January 25, 2018
New Work to feature emotional micro-play
On February 3, NWS will present New Work, its annual performance dedicated to new artistic creations and the cornerstone of its commitment to multi-genre innovation. Artistic Director Michael Tilson Thomas will lead this celebration of Miami and creativity in the arts, featuring the world premieres of his own musical and literary compositions and the newly-revised version of Miami in Movements.
Also on the program is a micro-play by New York playwright Christopher Wall. The Inherent Sadness of Low-Lying Areas will feature actors and five Fellows who will perform both musically and theatrically. At the helm is New York-based director Kel Haney, who specializes in bringing life to new works and has collaborated with Christopher Wall on his The God of In-Between and Sweet Vapor. Here she gives insight on her approach to brand-new art and what you can expect at New Work:
I love new work because the epitome of collaboration is working together to create something that's never existed before. I love working with writers—getting to know who they are as artists and people and figuring out how I can filter their voice through my vision. Also, I'm always happiest when I have a cohort in the collaboration process.
Christopher Wall’s play, The Inherent Sadness of Low-Lying Areas, explores what it’s like for an ‘average’ person to go through the world living with PTSD, and Christopher has been very open, generous, and courageous in sharing that this piece reflects elements of his own experience living with the disorder.
The play itself is about a man in his 60s named Mitch (played by Joel Leffert), who has PTSD and barely ever leaves his house. His ex-wife Helga (played by June Ballinger) comes to check in on him--she finds him worse off than the last time she visited and she ultimately convinces him to venture out of the apartment to get a hot dog in the park.
It's a seemingly quotidian activity, but to Mitch, it feels like a huge feat. Christopher is very influenced by Theatre of the Absurd—he wrote Mitch like a character out of a Beckett play and Joel perfectly fits the bill to bring him to life (the same goes for June as Mitch's foil, Helga).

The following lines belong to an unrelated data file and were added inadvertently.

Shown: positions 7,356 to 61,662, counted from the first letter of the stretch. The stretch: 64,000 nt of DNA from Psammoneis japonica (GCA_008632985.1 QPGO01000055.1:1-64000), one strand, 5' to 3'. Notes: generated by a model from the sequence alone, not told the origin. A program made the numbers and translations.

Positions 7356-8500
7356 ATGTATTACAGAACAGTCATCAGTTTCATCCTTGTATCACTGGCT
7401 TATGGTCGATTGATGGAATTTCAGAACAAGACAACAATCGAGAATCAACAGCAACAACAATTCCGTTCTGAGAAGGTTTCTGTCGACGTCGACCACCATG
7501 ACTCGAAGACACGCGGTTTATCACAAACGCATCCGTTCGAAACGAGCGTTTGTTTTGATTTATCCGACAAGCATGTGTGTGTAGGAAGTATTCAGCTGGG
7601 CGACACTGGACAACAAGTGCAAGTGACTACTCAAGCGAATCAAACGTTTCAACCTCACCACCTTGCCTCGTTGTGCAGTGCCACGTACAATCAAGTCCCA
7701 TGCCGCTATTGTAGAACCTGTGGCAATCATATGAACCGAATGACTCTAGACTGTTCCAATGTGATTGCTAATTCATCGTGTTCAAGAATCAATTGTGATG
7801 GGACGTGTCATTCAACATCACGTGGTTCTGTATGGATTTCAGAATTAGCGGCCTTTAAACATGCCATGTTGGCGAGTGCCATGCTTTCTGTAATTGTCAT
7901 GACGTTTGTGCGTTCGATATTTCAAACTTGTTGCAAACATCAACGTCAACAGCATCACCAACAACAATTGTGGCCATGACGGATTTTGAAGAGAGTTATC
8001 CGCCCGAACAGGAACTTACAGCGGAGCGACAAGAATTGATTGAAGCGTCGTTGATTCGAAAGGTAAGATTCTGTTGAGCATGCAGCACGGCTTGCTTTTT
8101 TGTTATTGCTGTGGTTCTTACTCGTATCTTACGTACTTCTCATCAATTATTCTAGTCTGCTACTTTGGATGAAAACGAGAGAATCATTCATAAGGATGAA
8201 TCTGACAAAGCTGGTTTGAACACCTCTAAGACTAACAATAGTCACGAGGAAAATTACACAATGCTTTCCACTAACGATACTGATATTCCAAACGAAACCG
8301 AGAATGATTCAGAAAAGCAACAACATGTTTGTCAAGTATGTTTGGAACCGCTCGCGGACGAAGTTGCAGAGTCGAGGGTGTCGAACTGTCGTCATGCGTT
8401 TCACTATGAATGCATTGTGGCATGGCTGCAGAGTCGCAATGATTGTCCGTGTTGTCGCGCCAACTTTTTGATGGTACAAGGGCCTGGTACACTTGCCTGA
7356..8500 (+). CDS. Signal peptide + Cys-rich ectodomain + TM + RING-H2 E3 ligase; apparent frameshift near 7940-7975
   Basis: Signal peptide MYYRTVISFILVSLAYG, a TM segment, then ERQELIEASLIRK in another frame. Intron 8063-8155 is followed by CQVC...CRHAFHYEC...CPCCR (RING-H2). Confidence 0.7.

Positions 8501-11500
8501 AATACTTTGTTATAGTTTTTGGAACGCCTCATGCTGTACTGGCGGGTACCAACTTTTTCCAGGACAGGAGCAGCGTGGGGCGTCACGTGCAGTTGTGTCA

Surrounding it all are performances of music that span centuries. Fellows will be present onstage the entire time—they’re a physical embodiment of how Mitch experiences the world--performing selections by J.S. Bach, Luciano Berio, Leoš Janáček, Sergei Prokofiev, Kaija Saariaho and Erwin Schulhoff. We have actors and musicians who are all adept at live performance, but who speak/play in different languages. It's about figuring out how to get everyone on the same page, existing within the same piece, but also honoring the differences in the mediums and showcasing the specific talents of each artist.
It's important to me that we build upon the musical selections Christopher has chosen, to express to the audience what it feels like to be 'inside' the experience of having PTSD--this will further manifest itself in Clyde Scott's video design and Luke Kritzeck's lighting design. I'm excited about the challenges of interdisciplinary performance work and I'm really looking forward to seeing what we all create together. It's a rare opportunity to experience an extremely fascinating new performance piece that incorporates musicians of rising talent, seasoned actors from NYC, and extraordinary video and lighting design.
Join us if you want to be entertained, enlightened and to see something different. I think the audience can expect an experience that feels simultaneously very complex and very simple, very 'human.' This piece encompasses a wide range of human emotions—some moments will resonate as very funny, some as very sad. I'm hoping that most moments resonate as both funny and sad, just like life. I hope that the audience sees themselves and other people in their lives within the characters of Mitch and Helga in ways that surprise them, possibly leading to new understanding of themselves and those around them.
Saturday, February 3 at 7:30 PM
New World Center
Michael Tilson Thomas, conductor